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May 4, 2010 6:34 PM   Subscribe

How do I measure the thread pitch of a mason jar?

I am trying to get an alternative lid attachment manufactured for a wide mouth mason jar.

I am trying to get a machinist to make them for me, and i need to find the thread pitch, so that i can get a functional screw-on attachment.

How do i go about finding this information OR how on earth do I go about measuring it? I have a pair of nice digital calipers at my disposal, along with your normal slew of tape measures.

Bonus points for telling me HOW to talk to a machinist to make this as clear as possible. I'm finding their language a little hard to decipher.
posted by furnace.heart to Home & Garden (6 answers total) 1 user marked this as a favorite
 
You don't measure it yourself, you give the machinist a sample lid. The machinist can measure this stuff more accurately than you can.
posted by caddis at 6:49 PM on May 4, 2010 [1 favorite]


However, if you insist on doing it yourself get thee to Home Depot or some such place and purchase a thread pitch gauge. Still, I recommend letting the machinist do it, then the responsibility for getting the right measurement is in his lap not yours, and he (or she) is going to be more skilled at making the measurement.
posted by caddis at 6:51 PM on May 4, 2010


Seconding caddis, the machinists I know insist on taking the measurement themselves.
posted by mlis at 6:53 PM on May 4, 2010


Threads per inch, measure the thread peak to peak and measure the width of the land between the peaks, how many turns of the lid to move one inch.

found: "Standard jar threads are 5, 6, 8, and 12 threads per inch. The different threads are not geometrically similar. You probably are looking at the standard narrow mouth canning jar. It is 5tpi.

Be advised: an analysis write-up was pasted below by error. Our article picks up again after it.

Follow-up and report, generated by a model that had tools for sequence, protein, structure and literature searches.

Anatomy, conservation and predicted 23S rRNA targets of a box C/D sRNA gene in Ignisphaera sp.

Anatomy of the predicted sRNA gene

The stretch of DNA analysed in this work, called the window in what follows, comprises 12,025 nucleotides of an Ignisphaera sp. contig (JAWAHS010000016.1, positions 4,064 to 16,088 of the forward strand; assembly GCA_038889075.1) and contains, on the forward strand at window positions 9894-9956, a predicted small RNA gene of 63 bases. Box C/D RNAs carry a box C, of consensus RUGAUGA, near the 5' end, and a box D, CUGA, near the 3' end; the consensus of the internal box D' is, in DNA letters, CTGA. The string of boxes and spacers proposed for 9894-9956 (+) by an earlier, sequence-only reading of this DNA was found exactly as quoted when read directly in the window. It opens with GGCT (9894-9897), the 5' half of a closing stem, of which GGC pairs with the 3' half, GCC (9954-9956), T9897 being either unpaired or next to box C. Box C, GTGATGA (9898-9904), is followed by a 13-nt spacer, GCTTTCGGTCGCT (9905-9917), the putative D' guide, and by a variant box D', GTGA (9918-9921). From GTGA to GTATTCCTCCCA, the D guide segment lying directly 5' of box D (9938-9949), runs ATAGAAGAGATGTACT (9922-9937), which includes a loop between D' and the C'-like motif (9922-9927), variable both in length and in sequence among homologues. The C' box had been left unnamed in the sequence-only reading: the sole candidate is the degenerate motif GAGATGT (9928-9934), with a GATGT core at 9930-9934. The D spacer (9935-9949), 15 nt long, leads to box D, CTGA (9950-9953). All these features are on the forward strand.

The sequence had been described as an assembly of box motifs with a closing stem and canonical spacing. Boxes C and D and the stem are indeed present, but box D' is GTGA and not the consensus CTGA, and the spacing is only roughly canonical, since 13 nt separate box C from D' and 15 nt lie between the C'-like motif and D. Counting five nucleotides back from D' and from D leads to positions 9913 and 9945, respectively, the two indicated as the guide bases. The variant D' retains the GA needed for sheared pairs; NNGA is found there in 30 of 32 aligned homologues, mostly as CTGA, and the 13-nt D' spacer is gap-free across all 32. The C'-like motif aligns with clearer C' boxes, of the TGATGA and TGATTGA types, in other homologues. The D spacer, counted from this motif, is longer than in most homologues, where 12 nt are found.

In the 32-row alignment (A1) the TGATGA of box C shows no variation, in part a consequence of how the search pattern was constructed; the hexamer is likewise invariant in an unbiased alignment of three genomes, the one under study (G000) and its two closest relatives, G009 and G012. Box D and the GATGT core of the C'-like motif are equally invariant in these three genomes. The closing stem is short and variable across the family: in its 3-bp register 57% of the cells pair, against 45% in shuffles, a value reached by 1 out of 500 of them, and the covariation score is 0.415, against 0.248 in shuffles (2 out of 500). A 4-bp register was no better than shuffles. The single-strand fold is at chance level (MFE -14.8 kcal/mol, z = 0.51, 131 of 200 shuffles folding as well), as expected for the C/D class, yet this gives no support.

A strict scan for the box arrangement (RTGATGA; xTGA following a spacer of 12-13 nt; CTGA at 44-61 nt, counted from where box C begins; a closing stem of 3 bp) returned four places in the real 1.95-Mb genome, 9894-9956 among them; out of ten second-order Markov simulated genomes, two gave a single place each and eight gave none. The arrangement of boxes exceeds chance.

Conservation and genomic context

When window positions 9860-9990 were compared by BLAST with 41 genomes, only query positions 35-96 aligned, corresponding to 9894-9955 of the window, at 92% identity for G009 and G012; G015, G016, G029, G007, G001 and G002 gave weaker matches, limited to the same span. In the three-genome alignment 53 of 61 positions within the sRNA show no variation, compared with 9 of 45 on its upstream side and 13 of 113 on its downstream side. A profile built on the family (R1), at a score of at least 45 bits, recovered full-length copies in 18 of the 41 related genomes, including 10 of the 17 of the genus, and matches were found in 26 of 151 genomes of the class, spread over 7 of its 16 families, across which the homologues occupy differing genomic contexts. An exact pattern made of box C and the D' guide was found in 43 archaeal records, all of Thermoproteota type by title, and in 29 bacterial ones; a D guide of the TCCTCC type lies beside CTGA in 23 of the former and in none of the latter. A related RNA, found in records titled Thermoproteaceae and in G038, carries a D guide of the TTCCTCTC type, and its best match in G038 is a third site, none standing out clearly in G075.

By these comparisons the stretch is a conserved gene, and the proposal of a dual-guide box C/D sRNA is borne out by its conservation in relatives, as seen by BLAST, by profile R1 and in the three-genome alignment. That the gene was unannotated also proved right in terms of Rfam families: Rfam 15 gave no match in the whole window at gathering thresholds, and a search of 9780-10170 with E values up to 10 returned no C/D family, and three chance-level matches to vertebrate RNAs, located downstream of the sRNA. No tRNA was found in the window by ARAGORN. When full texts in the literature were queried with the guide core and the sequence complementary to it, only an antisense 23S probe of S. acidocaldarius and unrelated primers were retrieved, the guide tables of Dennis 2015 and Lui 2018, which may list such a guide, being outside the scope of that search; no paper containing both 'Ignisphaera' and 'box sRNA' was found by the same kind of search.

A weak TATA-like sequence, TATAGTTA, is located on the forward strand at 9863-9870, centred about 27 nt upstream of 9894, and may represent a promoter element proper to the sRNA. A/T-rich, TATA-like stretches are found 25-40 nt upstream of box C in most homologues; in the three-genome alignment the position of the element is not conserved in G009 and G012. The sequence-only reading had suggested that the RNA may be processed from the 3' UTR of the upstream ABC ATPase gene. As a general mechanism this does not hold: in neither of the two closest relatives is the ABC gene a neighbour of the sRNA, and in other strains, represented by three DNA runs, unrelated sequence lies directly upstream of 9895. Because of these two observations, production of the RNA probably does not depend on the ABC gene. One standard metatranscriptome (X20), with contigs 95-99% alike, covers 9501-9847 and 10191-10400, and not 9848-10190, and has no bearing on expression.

The height of the 5 tpi thread is 0.060". The radius of the thread top is 0.044". The radius of the base corner roots is 0.030" max. The sides of the threads are thirty degrees from vertical."
posted by hortense at 6:54 PM on May 4, 2010


Here's a helpful link.
posted by Floydd at 7:39 PM on May 4, 2010


I agree with the easiest, and most efficient, is to take either the jar and/or the lid to the machinist. He has the equipment to measure it all (thread gauges, thread forms) and you have the added benefit that you can't be blamed if the part doesn't fit because you measured the thread wrong!

Most machinists that I know like to do little projects - just saying "make me this", which they get all day, is kind of boring and mundane - so "hey, can you make me a lid that does this and this to this jar?" is actually a more interesting project and they may be able to suggest some advantages (materials, extra widgets?) for your application than you might not initially be able to think of.

I'd just give the guy the jar, chat with him about what you wanted and see what he suggests. Even when I produce full engineering drawings for low volume or one off parts (like tooling and holding brackets for production/build) I'll often take it to the person who's going to make it and run through it with them to see if there is anything that will make it easier/more elegant/cheaper/more useful. Even if I'd drawn the most perfect part ever (well, of COURSE!), it's often useful and interesting.
posted by Brockles at 6:58 AM on May 5, 2010


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